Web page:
DHS Finds Holes in Immigrant Vetting Process

(RightWing.org) – Millions of migrants have come to the United States in each of the last few years, seeking entry for a variety of reasons. Some are wishing to move here for a better life, while others are seeking asylum from dangerous situations in their home countries. Some have less than honorable intentions. When migrants approach ports of entry, they must undergo screening and vetting by various federal agencies. However, a recent report by the Department of Homeland Security’s (DHS) Office of Inspector General (OIG) shows that there are some glaring holes in the process.

DHS Office of Inspector General Findings

In its report released on June 7, the DHS OIG notes that during Fiscal Year 2023 (FY2023), which spanned October 1, 2022, through September 30, 2023, “more than 363 million people sought entry into the United States.” This figure includes citizens, noncitizens, and lawful permanent residents. As part of the Immigration and Nationality Act, Customs and Border Protection (CBP) agents must vet and screen noncitizens seeking entry and US Citizenship and Immigration Services (USCIS) personnel hold the responsibility for vetting and screening those seeking asylum.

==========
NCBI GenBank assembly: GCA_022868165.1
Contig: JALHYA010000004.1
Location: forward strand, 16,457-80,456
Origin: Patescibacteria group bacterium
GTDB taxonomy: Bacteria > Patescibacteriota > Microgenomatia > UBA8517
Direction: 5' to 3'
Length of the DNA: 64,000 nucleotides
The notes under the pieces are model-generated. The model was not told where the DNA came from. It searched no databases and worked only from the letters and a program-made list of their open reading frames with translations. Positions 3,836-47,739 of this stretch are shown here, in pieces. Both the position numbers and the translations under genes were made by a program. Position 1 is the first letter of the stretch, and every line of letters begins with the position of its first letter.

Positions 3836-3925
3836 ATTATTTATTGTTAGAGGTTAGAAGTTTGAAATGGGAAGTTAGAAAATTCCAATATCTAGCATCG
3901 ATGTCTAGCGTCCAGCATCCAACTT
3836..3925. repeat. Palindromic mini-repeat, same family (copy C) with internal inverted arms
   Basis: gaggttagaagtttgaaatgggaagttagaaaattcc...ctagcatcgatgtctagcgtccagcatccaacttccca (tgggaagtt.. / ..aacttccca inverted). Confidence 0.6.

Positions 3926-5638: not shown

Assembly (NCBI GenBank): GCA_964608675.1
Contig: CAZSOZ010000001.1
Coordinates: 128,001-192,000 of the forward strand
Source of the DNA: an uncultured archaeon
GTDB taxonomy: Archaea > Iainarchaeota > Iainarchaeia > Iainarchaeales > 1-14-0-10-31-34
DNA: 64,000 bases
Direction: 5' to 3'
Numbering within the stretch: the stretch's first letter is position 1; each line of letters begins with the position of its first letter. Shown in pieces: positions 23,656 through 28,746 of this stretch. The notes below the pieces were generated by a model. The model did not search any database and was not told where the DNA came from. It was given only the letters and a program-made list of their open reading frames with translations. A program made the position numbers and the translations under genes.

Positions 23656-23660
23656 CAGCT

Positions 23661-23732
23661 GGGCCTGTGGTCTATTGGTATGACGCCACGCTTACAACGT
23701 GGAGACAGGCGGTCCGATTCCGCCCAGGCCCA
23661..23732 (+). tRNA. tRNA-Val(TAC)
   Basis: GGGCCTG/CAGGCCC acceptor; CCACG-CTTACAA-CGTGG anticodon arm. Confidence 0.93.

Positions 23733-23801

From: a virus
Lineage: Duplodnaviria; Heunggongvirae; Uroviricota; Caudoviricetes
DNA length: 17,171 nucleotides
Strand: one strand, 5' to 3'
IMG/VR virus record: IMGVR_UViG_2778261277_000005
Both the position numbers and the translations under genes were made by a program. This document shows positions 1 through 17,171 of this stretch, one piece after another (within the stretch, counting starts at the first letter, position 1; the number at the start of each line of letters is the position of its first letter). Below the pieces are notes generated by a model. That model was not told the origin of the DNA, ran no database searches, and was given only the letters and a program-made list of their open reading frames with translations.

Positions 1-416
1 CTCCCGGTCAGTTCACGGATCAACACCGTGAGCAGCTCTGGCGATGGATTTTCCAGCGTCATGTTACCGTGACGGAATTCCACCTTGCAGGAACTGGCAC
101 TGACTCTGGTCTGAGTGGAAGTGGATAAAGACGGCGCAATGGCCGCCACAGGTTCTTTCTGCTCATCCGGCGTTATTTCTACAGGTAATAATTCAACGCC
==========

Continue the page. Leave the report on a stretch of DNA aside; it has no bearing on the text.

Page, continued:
However, during its investigation, the OIG found that despite the “technology, procedures, and coordination” in place, those measures “were not fully effective.” This leaves the department “at risk of admitting dangerous persons […] or enabling asylum-seekers who may pose significant threats to public safety and national security” into the US interior.

OIG Recommendations

Naturally, these findings are alarming, especially considering the number of crimes committed across the country by immigrants. They have been caught on camera assaulting police officers or stand accused of committing murder, like in the case of Laken Riley and more recently, a 12-year-old girl in Houston, Texas.

To fix these holes, the OIG came back with five recommendations. First, it recommended that the director of the Office of Biometric Identity Management collaborate with the Defense Department to develop and implement data access restrictions for the Automated Biometric Identification System.

The second recommendation was to implement a policy where field offices work together to manage risk “when primary name queries of every traveler are not considered operationally feasible.” The OIG also recommended that the DHS conduct regular technology testing, update screening requirements, and implement a method for continuously monitoring asylum applications pending a decision. The final recommendation was for the USCIS director to come up with a proposal, complete with cost estimates, for automating security checks for asylum applicants.

The DHS reviewed all of the above recommendations and concurred with all of them, detailing actions it was taking to comply.

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